In the conflict of interest among generations, it seems clear enough that inflation benefits the young at the expense of their elders. Much of the wealth of the community is held in the form of titles to money—savings accounts, government bonds, insurance policies. Inflation depreciates the real value of these titles to money, few of which are owned by the young. Though alert entrepreneurs and speculators can make a good thing of inflation, most already established citizens are losers. Greater shares of the national product will go to current earnings rather than to stored wealth—and the young can fight with some success for their just proportion of the former. Easily available consumer credit allows the young to accumulate what the economist Harry Johnson has called “consumer capital”—an automobile, appliances in the kitchen and laundry room, even a house—at bargain prices, because the loan taken when the purchase is made can be paid off from ever-rising salaries in money of ever-depreciating value. Interest rates rise, but not that much (especially on consumer loans, which are politically sensitive). The fact that inflation benefits the debtor class at the cost of the creditor class means that it benefits the young at the expense of their parents. Thus very large cohorts produce continuing political pressure for inflationary policies.
Unfortunately, an inflation-prone society is an uncomfortable environment in which to live. As they achieve full maturity, today's young will find themselves deprived of that satisfying sense of accomplishment and security which has historically made early middle age “the prime of life.” Indeed, about the only time one can honestly predict happiness for most of the children we brought into the world in such numbers in the 1950's is their later middle age, when their own children will no longer be a burden, the housing and capital accumulations of the past will be entirely adequate, high personal consumption will become socially desirable, and it will be truly practicable to clean up the environment because the capital investment funds required for this purpose will no longer be needed for job creation. The time for “no growth” will come when there is no growth.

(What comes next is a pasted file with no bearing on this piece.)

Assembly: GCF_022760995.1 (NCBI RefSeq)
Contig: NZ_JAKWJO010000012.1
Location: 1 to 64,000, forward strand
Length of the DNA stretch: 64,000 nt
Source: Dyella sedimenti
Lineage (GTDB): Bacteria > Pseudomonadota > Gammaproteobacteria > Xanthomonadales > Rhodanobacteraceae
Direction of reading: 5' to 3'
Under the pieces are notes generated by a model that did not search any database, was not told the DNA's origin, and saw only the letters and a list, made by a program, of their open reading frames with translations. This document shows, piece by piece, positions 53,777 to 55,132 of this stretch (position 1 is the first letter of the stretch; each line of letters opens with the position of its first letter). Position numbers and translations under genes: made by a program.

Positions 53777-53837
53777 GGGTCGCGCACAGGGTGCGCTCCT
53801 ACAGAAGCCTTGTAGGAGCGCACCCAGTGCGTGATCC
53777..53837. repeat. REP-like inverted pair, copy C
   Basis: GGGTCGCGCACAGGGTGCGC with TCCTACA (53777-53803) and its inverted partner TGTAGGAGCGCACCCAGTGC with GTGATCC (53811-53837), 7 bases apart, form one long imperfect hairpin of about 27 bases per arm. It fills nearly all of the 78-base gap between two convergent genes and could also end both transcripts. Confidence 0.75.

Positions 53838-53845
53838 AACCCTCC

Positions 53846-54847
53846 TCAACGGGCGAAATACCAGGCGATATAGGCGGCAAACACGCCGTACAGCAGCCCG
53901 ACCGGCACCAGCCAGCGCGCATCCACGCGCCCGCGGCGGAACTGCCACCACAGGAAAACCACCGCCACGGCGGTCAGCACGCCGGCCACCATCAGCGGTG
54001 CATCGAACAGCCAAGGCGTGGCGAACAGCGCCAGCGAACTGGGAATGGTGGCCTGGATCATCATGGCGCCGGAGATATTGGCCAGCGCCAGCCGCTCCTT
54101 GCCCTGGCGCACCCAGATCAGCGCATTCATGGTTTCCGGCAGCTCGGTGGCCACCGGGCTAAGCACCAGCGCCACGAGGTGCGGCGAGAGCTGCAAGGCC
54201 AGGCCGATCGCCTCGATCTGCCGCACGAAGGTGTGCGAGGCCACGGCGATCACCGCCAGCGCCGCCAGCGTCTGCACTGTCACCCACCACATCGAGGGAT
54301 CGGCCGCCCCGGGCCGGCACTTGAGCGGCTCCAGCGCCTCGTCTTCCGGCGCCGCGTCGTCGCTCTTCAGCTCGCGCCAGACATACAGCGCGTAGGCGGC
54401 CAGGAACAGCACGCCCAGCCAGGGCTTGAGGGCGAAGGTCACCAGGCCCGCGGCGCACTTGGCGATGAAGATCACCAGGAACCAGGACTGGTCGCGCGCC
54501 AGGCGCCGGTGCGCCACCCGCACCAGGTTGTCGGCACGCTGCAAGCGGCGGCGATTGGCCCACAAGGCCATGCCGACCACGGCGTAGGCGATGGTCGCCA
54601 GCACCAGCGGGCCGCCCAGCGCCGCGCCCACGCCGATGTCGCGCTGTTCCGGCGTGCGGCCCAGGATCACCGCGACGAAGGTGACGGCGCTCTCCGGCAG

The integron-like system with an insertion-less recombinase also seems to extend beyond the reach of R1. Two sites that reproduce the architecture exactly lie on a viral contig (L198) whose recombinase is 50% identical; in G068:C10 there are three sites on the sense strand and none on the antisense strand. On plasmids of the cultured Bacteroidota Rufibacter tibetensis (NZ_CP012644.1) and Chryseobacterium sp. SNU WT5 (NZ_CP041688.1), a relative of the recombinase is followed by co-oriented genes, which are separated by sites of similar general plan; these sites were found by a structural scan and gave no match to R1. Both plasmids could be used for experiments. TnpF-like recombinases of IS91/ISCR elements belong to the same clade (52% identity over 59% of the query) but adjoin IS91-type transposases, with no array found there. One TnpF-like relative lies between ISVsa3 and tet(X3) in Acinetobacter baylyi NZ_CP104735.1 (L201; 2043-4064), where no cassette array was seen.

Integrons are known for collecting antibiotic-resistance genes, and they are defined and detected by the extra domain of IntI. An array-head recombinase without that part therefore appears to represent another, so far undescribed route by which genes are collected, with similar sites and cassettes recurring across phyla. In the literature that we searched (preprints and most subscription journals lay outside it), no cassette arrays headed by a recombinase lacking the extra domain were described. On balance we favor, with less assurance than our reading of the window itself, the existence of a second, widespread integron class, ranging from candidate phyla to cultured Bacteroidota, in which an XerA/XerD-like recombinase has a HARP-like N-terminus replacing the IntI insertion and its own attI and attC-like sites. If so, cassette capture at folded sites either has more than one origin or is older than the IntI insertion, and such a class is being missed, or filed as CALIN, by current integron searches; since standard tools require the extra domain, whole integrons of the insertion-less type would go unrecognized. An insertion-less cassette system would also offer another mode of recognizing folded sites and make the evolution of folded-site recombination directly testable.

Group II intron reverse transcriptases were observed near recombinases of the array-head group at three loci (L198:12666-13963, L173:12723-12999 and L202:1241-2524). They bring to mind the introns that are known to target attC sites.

The story of the bulge in the demographic snake has an appropriately gray ending. “One of the most radical changes” in modern life, Marion Levy has written, is that “we take it for granted that practically everyone will survive into senility.” By 1975, more than a tenth of the American population was over sixty-five years old, as against only 4 per cent in 1900. In what may turn out to be the most dramatically unfair action against the outsize cohorts of the twenty-year bulge, their parents in 1971 rewrote the social-security laws to assure themselves a highly comfortable retirement at four to five times the monthly income that social security yields today—an income based not on the social-security taxes they were paying themselves but on the taxes that will be paid by the larger work force now coming on. But when the current demographic bulge reaches retirement age, its successors will be too few to support so many old people in so fine a style: the unfunded liabilities of the social-security system will then total well over 2 trillion of today's dollars. Assuming only minor growth in longevity from all the medical research now in progress, a social-security tax rate approaching 30 per cent of the national payroll will then be necessary in order to meet the payouts prescribed by law, and nobody believes that social-security taxes of those dimensions will actually be assessed.